On February 26th, 2020 we wrote “By many metrics, life on earth has never been this good. Technological, economic, and political progress have led to ever-increasing supply of water, food, energy, and shelter, improving peace and reducing poverty. Yet for the first time in history, more people die each year from suicide than war, murder, and natural disasters, combined. Suicide is just one of the many tragic consequences of what has broadly been referred to as the “mental health crisis” — a world in which our minds fail to navigate our life circumstances effectively.” Little did we know that within a few months, humanity would slide into a global economic crisis, with social and political structures trembling across the globe as a novel coronavirus pulverized an ever-increasing number of businesses and jobs.
If mental disorders were projected to cost $16 trillion globally by 2030 before COVID-19, one can only imagine how that timeline will accelerate once we account for the collective fear, stress, panic, worry, uncertainty, death, isolation, and trauma caused by this pandemic. Nearly half of Americans report the coronavirus crisis is harming their mental health, according to a Kaiser Family Foundation poll. Researchers have created models — based on data collected after natural disasters, terrorist attacks and economic downturns — that show a likely increase in suicides, overdose deaths and substance use disorders. How can we prevent the much larger and costlier mental health pandemic?
Unfortunately, today’s clinical approaches to treating mental health disorders range from psychotherapy to pharmaceuticals, psychosocial interventions, electroconvulsive therapy (ECT), and transmagnetic cranial stimulation (TMS) are either unsafe, unaffordable, inaccessible, ineffective, or some combination of the four. To compound this issue, the lack of a safe and effective treatment makes mental health unprofitable for insurers and thus more expensive for those in need. But what if there was a safe and effective treatment that was insurable and convenient?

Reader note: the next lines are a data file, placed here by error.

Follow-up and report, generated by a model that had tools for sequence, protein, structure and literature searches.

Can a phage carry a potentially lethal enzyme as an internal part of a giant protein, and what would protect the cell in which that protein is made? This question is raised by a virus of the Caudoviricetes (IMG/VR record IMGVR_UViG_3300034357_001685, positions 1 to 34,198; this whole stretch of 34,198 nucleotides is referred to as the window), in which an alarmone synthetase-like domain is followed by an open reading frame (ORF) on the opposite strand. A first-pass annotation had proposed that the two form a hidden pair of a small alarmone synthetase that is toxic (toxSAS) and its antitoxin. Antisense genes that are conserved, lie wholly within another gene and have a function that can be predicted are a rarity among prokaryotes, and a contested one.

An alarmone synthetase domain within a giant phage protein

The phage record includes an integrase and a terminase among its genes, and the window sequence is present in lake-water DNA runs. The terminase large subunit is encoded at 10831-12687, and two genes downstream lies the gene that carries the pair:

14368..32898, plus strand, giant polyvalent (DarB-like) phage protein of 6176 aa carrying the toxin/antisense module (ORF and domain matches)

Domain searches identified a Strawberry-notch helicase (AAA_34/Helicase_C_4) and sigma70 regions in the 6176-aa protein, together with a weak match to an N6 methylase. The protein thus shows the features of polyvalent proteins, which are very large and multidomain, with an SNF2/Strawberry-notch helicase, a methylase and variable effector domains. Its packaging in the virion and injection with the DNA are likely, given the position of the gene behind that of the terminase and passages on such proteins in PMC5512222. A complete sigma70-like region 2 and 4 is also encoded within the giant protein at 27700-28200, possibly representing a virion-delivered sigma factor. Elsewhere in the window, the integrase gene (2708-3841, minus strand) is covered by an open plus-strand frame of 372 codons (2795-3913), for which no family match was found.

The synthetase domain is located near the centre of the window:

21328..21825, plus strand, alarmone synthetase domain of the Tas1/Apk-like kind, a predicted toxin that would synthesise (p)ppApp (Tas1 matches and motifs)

Enter Inner Cosmos.
Led by the former CEO of Meta, Meron Gribetz, (TED talk for background, co-inventor of first commercially available, and highest rated augmented reality glasses) and world renowned neurosurgeon Eric Leuthardt (co-inventor of second most widely used neurotechnology — ECoG for Parkinsons and Epilepsy, TEDxGatewayArch), Inner Cosmos has invented the world’s first “digital pill”. This device is a penny-sized brain chip that gradually rebalances brain networks using precise, minimally invasive electrical activity, instead of brute-force chemicals — thereby aiming to upgrade the pharmaceutical industry.
Unlike non-invasive EEGs, like Muse and Kernel, or the fully invasive approach of Neuralink, Inner Cosmos is a minimally invasive device similar in risk to LASIK and taking 15 minutes to embed in an outpatient procedure. For all of these reasons, this device represents a brand new minimally invasive class of Brain Computer Interfaces (BCIs), one that can not only address all neurological Mood Disorders, but also provide a real-time dashboard (think Apple watch) for the mind.
As with all disruptive technologies, this transformation will take time and require an intelligent go-to-market strategy. This is why Inner Cosmos initially targets the ~$14b market for antidepressants (expected to grow to $28b this year). Through accurate sensing and controlled stimulation of the prefrontal cortex, Inner Cosmos aims to offer 2-4x higher efficacy, without the adverse side effects of drugs.
We’re excited to join Meron, Eric, and the Inner Cosmos team as they embark on one of the most ambitious missions on the planet on their journey into our barely chartered inner cosmos!